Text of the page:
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I am computer scientist and not a physicist, but I really like physics One question popped into my mind recently about gravity. General theory of relativity describes gravity not as a force but as a curvature of space-time. So if gravity is not a force but just illusion caused by curvature of space-time then why do we consider it to be a fundamental force And why are searching for force carrying particle for gravity if it is not a force?

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    $\begingroup$ I don’t think anyone is searching for gravitons. We don’t have any technology that could detect them. $\endgroup$ – G. Smith Nov 4 '20 at 22:38
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    $\begingroup$ Gravitational waves have been detected and are actively researched at LIGO. They should not be confused with gravitons. $\endgroup$ – my2cts Nov 4 '20 at 22:43
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    $\begingroup$ Just a suggestion, but based on the main body, I think a more accurate title for the question would be something like "How can the graviton/force-carrier picture of gravity be consistent with the space-time curvature picture?" $\endgroup$ – Andrew Nov 4 '20 at 22:54
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You have to be careful with the word "is" in physics.

In Newton's day, you could say "Gravity is an action at a distance between masses." Later on you would update this to "Gravity is a vector field similar to the electric field sourced by masses." Later on still, you might say something like in your question, that "gravity is the curvature of space-time."

In physics, we should really reserve the word "is" for observable quantities. "The temperature of so and so is such and such." Theoretical concepts and models provide a useful and necessary framework for us to reason about the physical world. But our theories are at best a faithful representation of Nature in some domain, we cannot say that they are Nature.

In this vein, GR provides a very useful and comprehensive framework to understand gravity in a classical (non-quantum) regime, with dense objects moving at large speeds compared to the speed of light, or for large gravitational fields. However, this representation most likely breaks down when we consider quantum effects.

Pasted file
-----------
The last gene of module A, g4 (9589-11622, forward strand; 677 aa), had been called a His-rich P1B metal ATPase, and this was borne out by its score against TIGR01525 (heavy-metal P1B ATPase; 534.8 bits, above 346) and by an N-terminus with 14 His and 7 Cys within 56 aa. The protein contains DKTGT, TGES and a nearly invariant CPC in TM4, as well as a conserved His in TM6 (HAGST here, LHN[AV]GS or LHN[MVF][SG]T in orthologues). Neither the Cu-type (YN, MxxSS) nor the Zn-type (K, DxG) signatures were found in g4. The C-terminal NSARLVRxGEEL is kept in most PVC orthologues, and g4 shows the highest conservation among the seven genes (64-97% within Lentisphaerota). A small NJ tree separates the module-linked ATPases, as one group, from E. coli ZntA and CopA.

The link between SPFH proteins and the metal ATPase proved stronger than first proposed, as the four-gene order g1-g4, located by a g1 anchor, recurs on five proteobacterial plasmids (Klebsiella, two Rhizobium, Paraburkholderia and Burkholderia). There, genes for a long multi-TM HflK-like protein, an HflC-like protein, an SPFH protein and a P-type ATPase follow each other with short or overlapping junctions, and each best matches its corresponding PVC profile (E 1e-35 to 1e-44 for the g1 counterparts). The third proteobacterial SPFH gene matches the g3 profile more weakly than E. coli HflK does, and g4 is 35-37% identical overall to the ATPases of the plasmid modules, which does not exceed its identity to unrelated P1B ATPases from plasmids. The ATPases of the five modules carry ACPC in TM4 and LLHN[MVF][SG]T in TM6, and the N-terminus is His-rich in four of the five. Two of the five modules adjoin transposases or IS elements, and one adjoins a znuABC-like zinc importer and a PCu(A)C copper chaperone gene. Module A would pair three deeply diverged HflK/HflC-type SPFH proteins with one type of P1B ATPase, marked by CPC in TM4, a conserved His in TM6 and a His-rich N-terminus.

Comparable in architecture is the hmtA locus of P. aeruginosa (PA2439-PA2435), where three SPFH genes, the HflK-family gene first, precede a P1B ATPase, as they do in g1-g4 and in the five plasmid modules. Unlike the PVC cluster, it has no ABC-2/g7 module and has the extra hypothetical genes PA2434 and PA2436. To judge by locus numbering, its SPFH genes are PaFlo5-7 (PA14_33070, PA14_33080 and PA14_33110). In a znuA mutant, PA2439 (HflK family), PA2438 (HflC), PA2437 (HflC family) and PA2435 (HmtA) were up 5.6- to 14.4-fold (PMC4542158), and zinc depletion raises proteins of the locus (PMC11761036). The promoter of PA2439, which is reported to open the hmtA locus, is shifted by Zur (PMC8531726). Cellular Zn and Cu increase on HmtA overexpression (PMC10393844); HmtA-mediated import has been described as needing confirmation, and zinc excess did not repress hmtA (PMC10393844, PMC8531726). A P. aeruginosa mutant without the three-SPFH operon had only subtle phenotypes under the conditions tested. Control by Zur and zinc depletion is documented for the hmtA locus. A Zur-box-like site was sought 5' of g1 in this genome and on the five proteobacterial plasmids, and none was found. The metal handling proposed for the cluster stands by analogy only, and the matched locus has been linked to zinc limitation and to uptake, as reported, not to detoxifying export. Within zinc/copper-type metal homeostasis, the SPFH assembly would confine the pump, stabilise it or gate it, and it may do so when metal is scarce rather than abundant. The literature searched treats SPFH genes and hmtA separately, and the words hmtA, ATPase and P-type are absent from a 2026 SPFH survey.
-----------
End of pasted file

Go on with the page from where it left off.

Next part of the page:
On the other hand, we have the framework of perturbative quantum gravity, where the metric is approximately flat Minkowski space, with no gravity, plus a very small perturbation away from flat space describing the gravitational field. This description is valid only for weak gravitational fields, but it has many mathematical similarities to other theories of particle physics. Therefore, in this representation, within its regime of validity, we can proceed as a particle physicist and treat the metric perturbation quantum mechanically, leading to gravitons.

What we would ultimately like is some deeper theory, which is valid both for strong gravitational fields and that is quantum mechanical. It should reduce to GR in the strong field, classical regime, and should reduce to perturbative quantum gravity in the quantum, weak field regime. (At least, that is the naive expectation, although people have tried lots of ways to develop this missing theory that don't fit this naive pattern). We don't really know what this theory is. String theory is an example of a theory which has this behavior, but we don't know if it really describes nature or not (beyond the regimes where it reduces to other, previously known theories of physics).

Having said all of that, experimental prospects for ever being able to directly detect a graviton, even in principle are quite grim. There is a delightful essay by Dyson where he argues that an attempt to build a LIGO-type device to detect a graviton will necessarily collapse into a black hole before it is sensitive enough to detect one. https://publications.ias.edu/sites/default/files/poincare2012.pdf

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